Berghs förlag, 2016.
Reviewed by Annie Prime in SBR 2017:1
Review Section: Fiction for Children and Young People
Krigstid is the second instalment of a YA historical-fantasy trilogy set in Viking Scandinavia.The story follows the life of a young woman named Turid.Though she is the daughter of a king, the ‘kingdom’ is long past its glory days and she has enjoyed only modest privilege in arduous village life. From her deceased mother Turid inherited the power to cross over into the spirit world,to communicate with the dead and see shadows of past and future.
The land is being taken over by the varjager, a band of brutal warriors who destroy whole villages and leave no survivors. The book begins in the aftermath of a devastating attack on Turid’s village.Most were slain,others fled the carnage, and Turid is left alone with her träl (slave) Unna. With her home destroyed and family killed, Turid sets out on a journey across land and sea, seeking a way forward, unsure of her destination.
At the very beginning of her journey, Turid is attacked by a vicious lynx. By killing the creature and drinking its blood, she gains new strength and vision, absorbing the wild spirit of the animal, and invoking the ferocity of the goddess Freja. Turid matures into her powers as both völva (shaman and seer) and warrior. Armed with the power of the lynx, and fuelled by despair at the loss of her village, she acquires a spear and learns how to fight and, eventually, to kill.
Perhaps one of the most interesting points of the story is that during battle with the dreaded varjager Turid is able to kill without remorse. As enemies, they become less than human.Turid’s allies are helped by a group of half-human hired fighters who transform into rabid beasts in battle.Turid sees no morality in these men, but she needs one of them to act as guide on her way to Ribe, to find her childhood friend and betrothed, Frode. The loyal and selfless Unna makes a deal with the man-beast, that he may use her sexually in return for his guidance.In their communication throughout the journey, Turid learns that the brute of a man is a more empathetic character than he first appears. However, in a vivid portrayal of empowerment and loss of innocence, Turid eventually slits his throat in his sleep. To Unna’s protests, Turid simply replies: ‘We have nearly reached Ribe.We no longer need him.’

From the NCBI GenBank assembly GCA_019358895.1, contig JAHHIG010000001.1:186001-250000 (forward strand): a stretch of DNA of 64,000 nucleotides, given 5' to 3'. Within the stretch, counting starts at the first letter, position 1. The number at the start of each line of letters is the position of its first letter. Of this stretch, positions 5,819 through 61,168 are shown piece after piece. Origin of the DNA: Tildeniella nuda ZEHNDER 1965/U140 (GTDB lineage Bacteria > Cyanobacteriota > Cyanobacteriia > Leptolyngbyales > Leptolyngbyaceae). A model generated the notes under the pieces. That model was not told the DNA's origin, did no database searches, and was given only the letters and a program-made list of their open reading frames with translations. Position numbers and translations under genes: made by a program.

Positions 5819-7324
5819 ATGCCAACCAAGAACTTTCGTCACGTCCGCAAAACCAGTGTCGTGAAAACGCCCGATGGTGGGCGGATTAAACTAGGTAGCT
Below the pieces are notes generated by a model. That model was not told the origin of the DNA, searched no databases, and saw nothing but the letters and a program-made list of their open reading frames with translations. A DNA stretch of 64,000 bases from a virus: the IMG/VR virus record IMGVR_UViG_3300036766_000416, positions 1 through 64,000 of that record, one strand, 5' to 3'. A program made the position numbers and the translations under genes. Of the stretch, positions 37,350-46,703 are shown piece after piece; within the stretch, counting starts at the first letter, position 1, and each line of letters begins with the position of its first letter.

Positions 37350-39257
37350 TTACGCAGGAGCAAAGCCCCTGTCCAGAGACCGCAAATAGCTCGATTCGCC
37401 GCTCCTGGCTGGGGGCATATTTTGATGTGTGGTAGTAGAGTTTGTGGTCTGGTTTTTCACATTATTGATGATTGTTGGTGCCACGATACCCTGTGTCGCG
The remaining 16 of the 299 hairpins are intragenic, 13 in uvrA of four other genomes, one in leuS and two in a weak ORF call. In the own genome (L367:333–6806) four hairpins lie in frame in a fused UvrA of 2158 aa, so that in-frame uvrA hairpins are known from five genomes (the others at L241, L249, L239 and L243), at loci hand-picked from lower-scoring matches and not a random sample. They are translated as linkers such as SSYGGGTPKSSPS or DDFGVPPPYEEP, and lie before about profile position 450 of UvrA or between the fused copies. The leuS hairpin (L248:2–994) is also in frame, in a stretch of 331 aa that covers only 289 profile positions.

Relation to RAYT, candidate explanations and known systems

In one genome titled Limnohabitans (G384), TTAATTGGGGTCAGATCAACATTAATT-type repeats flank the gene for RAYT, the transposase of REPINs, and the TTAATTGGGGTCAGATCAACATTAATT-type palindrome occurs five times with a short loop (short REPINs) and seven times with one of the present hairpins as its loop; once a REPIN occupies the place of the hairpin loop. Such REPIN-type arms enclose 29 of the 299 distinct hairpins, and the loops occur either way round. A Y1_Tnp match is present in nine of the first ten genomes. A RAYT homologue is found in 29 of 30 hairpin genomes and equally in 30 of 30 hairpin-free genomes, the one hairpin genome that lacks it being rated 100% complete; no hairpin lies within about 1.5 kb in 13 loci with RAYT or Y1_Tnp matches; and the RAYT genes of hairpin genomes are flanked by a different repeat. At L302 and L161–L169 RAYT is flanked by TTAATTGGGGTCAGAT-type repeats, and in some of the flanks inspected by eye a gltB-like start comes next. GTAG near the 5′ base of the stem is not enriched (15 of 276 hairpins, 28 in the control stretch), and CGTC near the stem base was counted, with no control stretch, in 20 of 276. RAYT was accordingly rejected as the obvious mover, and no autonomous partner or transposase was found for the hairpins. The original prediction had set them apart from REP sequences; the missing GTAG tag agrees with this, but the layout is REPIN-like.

For readers looking to be immersed in a historical world of Vikings, magic and war, Östnäs has created an enjoyably rich backdrop, with many well-researched details of landscapes, beliefs and customs. It is refreshing to experience a fleshed- out Viking world, with all of its everyday drudgery, as well as horror, humanity and beauty, especially as seen from an unsentimental female perspective. Sexual vulnerability among brutish men is an ever-present – and ever relatable – theme.
There are also a few chewy philosophical issues for YA readers, including the co-existence of humanity and barbarity, the concept of honour and ethics, ‘knowing one’s place’ and being aware of one’s own privileges and duties. The loyalty and friendship between Turid and Unna is touching and thought- provoking, and teenage girls will enjoy watching Turid’s growth from innocent girl to warrior woman. There is a smattering of romance, as well as lashings of magic, battle and gore, to titillate the teenage mind.
However, for older readers, or those more particular about plot, there is not always enough by way of storyline. Like many second books in trilogies, this novel seems over-stretched, acting as a conscious bridge between the first and third instalments. The world is rich and the premise intriguing, but the plot feels underdeveloped and there are sections of the book that feel repetitive and laboured. There is a lot to like about Östnäs’s modern, clipped prose and evocative descriptions of detailed landscapes and historical garments, tools and customs. But I find myself wondering if the trilogy shouldn’t have been condensed into one thrilling book, rather than spread over three slightly diluted ones.